None of this is to say that P = NP sheds light on how easy these questions actually are, but P = NP is the normal theoretical interpretation, and in fact the only theoretical interpretation that makes sense if you are going to stick with the position that P is precisely the class of problems that an AI can solve.

I'm not sure what you mean by this. First of all, the general consensus is that P !=NP. Second of all, in no interpretation is P is somehow precisely the set of problems that an AI can solve. It seems you are failing to distinguish between instances of problems and the general problems. Thus for example, the traveling salesman problem is NP complete. Even if P != NP, I can still solve individual traveling salesman problems (you can probably solve any instance with fewer than five nodes more or less by hand without too much effort.). Similarly, even if factoring turns out to be not in P, it doesn't mean anyone is going to have trouble factoring 15.

Right, but one of the reasons for the curve of capability is the general version of Amdahl's law. A particular new algorithm may make a particular computational task much easier, but if that task was only 5% of the total problem you are trying to solve, then even an infinite speedup on that task will only give you 5% overall improvement. The upshot is that new algorithms only make enough of a splash to be heard of by computer scientists, whereas the proverbial man on the street has heard of Moore's Law.

But I will grant you that a constructive proof of P=NP would... be interesting. I don't know that it would enable AI to go foom (that would still have other difficulties to overcome), but it would be of such wide applicability that my argument from the curve of capability against AI foom, would be invalidated.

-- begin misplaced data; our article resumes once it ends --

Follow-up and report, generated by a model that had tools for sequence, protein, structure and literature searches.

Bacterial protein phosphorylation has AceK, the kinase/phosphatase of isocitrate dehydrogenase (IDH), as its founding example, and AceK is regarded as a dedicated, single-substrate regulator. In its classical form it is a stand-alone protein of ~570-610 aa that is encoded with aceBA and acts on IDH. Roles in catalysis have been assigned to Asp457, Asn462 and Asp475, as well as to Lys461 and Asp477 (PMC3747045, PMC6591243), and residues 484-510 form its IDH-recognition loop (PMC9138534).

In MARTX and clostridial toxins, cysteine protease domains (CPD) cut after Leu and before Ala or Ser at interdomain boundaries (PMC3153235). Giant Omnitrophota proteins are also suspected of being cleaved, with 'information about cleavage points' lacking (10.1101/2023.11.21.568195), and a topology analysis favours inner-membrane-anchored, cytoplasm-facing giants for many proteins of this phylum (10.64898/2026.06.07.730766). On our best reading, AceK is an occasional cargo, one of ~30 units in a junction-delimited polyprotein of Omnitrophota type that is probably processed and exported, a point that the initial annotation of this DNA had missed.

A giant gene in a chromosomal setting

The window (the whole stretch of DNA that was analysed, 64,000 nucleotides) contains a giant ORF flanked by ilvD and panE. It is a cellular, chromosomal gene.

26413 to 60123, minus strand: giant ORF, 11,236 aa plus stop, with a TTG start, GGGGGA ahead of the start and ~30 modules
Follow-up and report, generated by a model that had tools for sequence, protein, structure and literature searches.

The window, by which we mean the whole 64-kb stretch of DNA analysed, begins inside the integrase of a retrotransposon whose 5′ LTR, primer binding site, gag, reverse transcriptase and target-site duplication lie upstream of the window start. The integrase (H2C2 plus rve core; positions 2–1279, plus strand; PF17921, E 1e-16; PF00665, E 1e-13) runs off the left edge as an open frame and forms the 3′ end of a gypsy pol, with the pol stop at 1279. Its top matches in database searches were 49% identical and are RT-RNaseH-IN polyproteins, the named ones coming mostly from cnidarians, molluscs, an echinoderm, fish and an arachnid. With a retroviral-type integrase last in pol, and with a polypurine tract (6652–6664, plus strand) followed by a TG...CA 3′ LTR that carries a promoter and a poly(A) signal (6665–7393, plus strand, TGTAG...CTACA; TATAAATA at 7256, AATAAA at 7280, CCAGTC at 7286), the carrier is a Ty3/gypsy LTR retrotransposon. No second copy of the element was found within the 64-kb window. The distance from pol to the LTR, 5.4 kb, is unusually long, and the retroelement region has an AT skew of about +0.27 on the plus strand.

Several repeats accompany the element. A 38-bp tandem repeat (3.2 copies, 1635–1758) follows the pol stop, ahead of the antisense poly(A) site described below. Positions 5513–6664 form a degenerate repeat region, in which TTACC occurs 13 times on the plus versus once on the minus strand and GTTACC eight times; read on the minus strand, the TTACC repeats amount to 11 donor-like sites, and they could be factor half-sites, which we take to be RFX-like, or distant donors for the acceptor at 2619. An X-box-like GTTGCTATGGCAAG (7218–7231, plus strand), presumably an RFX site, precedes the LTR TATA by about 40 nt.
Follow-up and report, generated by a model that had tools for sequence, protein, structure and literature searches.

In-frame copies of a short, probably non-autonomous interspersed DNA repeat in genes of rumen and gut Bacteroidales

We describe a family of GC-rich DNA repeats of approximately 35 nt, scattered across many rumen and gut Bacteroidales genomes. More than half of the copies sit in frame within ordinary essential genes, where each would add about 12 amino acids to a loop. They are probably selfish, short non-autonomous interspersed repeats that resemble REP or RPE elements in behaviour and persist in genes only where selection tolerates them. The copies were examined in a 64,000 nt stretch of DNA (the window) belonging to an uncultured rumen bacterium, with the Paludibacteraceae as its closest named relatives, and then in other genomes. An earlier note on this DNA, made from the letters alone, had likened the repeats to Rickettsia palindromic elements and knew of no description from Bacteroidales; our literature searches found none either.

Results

I share the consensus view that P=NP doesn't seem to be on the cards, but I agree it would be better to have a proof of P!=NP.

There are plenty of instances where an algorithmic breakthrough didn't just apply to 5% of a problem, but the major part of it. My field (applied math) is riddled with such breakthroughs.

Yeah, but it's fractal. For every such problem, there is a bigger problem such that the original one was a 5% subgoal. This is one of the reasons why the curve of capability manifests so consistently: you always find yourself hitting the general version of Amdahl's law in the context of a larger problem

For every such problem, there is a bigger problem such that the original one was a 5% subgoal.

Sure, you can always cook up some ad hoc problem such that my perfect 100% solution to problem A is just a measly 5% subcomponent of problem B . That doesn't change the fact that I've solved problem A, and all the ramifications that come along with it. You're just relabeling things to automate a moving goal post. Luckily, an algorithm by any other name would still smell as sweet.

I think the point he was trying to make was that the set of expanding subgoals that an AI would have to make its way through would be sufficient to slow it down to within the exponential we've all been working with.

Phrased this way, however, it's a much stronger point and I think it would require more discussion to be meaningful.

Bear in mind that if we zoom in to sufficiently fine granularity, we can get literally infinite speedup -- some of my most productive programming days have been when I've found a way to make a section of code unnecessary, and delete it entirely.

To show this part of my argument is not infinitely flexible, I will say one algorithmic breakthrough that would invalidate it, would be a constructive proof of P=NP (or a way to make quantum computers solve NP-complete problems in polynomial time - I'm told the latter has been proven impossible, but I don't know how certain it is that there aren't any ways around that).

There are no known strong results concerning the relationship between BQP (roughly the analogue of P for quantum computers) and NP. There is strong consensus that BQP does not contain NP, but it is not as strong as the overwhelming consensus that P != NP.